Rice and fish | Philstar.com

There was this story of a schoolgirl whose baon each school day was a cup of rice sprinkled with patis or fish sauce. It was all her parents could afford, according to the social media story.

The basic Filipino diet consists of rice and fish. Fish and fish products provide the bulk of protein to more than half of all Filipinos when they eat.

Galunggong or scad was the poor man’s fish when I was growing up. But today, the poor can no longer afford galunggong. It is now imported.

Today, the most affordable fish are bangus and tilapia because they are aquaculture products. Bangus and tilapia can be purchased at P170 and P120 per kilo respectively. This is less than local and imported galunggong, which ranges from 200 to 320 pesos per kilo. Lazada lists it at P299.

“Per capita, Filipinos consume about 60 kilograms of meat protein per year. Sixty percent of that, or around 36 kilos, comes from fish, according to government data. Therefore, fish, such as bangus and tilapia, can be a real ‘lifeline’, especially for low-income families,” said Tugon Kabuhayan, an advocacy group.

But like almost everything else, we groped on the bangus like we groped rice, corn, onions, garlic, etc. We were the market leader in the bangus, with neighboring countries looking to us for technological assistance. Not anymore.

We now import our bangus fingerlings from Indonesia and Taiwan. This is because we have not continued to invest in our breeding farms. Taiwan sabalo came from Palawan. They studied breeding habits to produce fry.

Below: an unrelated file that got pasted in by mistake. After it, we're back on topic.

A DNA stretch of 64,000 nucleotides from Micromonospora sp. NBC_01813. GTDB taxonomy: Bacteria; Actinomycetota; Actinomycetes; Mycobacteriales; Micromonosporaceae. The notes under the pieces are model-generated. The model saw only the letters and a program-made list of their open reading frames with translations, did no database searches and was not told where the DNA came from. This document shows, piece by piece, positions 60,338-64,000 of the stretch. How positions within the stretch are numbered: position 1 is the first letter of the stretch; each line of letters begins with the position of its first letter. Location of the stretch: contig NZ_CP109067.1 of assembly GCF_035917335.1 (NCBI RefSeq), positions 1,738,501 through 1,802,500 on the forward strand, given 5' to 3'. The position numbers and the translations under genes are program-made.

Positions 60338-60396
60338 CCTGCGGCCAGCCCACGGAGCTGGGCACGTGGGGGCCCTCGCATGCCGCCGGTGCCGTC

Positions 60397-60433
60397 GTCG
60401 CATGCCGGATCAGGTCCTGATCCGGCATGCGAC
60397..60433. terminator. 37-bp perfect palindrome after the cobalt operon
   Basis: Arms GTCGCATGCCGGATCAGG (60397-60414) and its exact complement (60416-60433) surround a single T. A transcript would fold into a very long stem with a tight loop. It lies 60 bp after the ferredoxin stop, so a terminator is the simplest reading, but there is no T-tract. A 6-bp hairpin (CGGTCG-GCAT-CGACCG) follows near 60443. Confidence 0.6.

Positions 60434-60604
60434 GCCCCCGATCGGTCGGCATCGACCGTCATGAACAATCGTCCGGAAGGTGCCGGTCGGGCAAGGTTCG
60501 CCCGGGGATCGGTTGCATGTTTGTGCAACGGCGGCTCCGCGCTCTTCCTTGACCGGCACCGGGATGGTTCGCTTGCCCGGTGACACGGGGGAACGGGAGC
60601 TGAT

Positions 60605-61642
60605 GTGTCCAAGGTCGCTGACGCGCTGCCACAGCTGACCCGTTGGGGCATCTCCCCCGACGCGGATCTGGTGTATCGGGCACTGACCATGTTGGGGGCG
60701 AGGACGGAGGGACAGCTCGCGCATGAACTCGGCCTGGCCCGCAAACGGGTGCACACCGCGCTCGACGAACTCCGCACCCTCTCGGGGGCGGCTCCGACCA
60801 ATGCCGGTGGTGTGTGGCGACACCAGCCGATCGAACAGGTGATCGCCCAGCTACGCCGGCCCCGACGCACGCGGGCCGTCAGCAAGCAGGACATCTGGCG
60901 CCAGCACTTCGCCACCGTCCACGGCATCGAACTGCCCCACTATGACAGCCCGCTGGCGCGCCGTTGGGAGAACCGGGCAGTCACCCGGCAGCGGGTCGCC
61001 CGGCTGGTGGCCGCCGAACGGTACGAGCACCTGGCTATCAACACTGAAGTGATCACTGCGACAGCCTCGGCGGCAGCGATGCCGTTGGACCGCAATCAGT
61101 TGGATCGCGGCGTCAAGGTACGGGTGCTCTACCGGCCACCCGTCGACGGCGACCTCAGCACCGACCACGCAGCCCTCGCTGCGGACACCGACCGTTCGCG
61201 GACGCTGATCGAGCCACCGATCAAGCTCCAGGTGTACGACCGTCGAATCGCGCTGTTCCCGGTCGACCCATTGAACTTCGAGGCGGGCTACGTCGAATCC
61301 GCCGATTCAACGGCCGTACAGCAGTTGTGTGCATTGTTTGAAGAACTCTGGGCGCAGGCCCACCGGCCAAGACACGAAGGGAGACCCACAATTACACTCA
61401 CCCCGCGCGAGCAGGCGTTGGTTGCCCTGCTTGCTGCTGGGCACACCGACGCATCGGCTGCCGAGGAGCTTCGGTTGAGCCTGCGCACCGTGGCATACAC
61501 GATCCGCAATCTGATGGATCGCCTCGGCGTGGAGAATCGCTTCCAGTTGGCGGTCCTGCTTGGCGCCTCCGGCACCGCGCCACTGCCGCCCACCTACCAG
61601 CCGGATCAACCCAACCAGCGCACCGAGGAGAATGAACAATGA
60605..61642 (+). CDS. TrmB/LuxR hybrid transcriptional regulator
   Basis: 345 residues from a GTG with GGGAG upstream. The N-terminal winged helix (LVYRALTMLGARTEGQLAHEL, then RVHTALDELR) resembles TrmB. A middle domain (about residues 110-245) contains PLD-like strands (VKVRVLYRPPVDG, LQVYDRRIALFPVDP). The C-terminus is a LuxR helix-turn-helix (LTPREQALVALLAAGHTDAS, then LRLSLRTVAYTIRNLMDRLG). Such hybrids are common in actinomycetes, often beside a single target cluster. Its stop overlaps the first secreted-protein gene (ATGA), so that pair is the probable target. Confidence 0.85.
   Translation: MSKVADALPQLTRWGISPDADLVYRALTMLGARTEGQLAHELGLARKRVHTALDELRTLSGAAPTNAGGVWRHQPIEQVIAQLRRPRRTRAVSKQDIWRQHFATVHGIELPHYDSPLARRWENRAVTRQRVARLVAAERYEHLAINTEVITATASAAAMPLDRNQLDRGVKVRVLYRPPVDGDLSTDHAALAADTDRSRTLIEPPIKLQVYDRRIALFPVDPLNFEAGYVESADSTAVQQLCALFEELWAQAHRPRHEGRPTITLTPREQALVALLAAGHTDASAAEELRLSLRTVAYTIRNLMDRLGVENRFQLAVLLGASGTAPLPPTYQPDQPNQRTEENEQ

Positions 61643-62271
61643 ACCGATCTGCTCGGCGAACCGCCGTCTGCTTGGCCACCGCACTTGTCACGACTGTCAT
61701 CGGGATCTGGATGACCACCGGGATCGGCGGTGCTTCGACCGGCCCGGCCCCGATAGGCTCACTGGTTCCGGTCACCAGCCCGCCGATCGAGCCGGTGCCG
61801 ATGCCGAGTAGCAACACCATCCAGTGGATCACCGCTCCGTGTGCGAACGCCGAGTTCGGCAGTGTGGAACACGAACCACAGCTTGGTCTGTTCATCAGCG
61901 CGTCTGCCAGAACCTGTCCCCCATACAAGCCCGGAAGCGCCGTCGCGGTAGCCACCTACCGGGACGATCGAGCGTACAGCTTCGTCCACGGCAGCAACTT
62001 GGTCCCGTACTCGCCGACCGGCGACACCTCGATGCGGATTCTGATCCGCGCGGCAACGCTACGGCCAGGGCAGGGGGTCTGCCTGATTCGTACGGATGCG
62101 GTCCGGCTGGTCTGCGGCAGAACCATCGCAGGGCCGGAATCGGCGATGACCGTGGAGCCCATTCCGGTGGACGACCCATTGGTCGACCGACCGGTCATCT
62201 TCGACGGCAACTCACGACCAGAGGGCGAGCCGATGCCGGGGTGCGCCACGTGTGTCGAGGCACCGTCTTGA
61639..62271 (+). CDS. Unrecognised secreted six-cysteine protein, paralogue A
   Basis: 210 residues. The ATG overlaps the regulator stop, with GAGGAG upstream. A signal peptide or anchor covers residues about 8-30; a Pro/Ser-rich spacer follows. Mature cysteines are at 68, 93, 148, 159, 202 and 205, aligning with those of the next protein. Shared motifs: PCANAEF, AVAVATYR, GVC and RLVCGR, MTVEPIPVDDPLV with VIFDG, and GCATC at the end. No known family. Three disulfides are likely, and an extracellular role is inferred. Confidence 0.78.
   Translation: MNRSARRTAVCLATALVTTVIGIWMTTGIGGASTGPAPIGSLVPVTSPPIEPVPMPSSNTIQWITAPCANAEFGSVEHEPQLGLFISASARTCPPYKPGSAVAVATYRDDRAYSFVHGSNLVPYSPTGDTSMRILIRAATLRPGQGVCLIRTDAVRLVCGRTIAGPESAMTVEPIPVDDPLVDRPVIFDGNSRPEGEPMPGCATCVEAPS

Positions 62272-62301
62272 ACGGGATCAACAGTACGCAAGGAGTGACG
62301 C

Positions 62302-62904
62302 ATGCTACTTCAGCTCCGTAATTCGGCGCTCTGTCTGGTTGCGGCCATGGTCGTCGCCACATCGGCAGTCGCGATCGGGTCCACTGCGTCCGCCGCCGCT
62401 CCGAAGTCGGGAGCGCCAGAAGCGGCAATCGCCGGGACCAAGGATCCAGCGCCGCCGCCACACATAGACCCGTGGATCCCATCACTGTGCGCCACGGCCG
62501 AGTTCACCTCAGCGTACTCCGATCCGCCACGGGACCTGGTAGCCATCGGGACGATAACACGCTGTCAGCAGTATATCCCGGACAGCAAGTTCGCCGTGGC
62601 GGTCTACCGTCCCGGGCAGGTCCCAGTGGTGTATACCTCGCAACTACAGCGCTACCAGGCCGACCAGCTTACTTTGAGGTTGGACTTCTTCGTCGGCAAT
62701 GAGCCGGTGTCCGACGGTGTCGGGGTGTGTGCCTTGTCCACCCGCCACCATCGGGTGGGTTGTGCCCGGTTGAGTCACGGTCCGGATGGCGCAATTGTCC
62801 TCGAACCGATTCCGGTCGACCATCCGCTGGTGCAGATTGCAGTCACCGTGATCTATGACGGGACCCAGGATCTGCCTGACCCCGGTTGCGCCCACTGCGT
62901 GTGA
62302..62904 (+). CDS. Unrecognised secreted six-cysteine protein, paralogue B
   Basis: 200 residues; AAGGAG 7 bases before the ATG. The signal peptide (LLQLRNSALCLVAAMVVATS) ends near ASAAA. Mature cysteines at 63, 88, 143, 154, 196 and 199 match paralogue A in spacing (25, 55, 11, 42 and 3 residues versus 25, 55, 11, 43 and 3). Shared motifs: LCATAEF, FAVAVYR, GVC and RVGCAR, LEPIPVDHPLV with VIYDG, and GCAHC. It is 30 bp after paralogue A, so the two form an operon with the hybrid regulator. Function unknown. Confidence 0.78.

Tilapia now saves the day for many families. About 12 percent of their animal protein intake comes from farmed tilapia.

We had so much promise in aquaculture. As recently as 2018, the Food and Agriculture Organization of the United Nations (FAO) reported that the Philippines was the 11th largest aquaculture producer in the world, contributing 1.01% to the total world production. The country is also the fourth largest producer of aquatic plants (including algae), comprising 1.48 million metric tons or 4.56 percent of total global production.

A policy brief written by a team led by economist Dr Karlo Adriano reports that the country’s aquaculture has great potential for expansion and development due to the availability of its vast resources (338,393 hectares of wetlands, 14,531 hectares of freshwater fish ponds, 239,323 hectares of brackish water ponds, 200,000 hectares of lakes, 31,000 hectares of rivers and 19,000 hectares of reservoirs).

“Proper management and use of these available production areas would easily increase aquaculture production by more than 100%,” Adriano’s guidance document said.

But we have wasted our great potential in aquaculture, as in everything the Department of Agriculture is responsible for. The sector’s local production has stagnated since 2017. The average annual growth rate of aquaculture is only 0.1% from 2017 to 2021.

“Based on data from the Philippine Statistics Authority (PSA), aquaculture production recorded an annual decline of -3.3%, from 2,323,000 tonnes in 2020 to 2,246,000 tonnes in 2021, at prices 2018 constants. In terms of gross domestic product (GDP), the share of fishing is minimal with an average contribution of only 1.5% from 2010 to 2020 at constant 2018 prices. Despite a minimal contribution to GDP.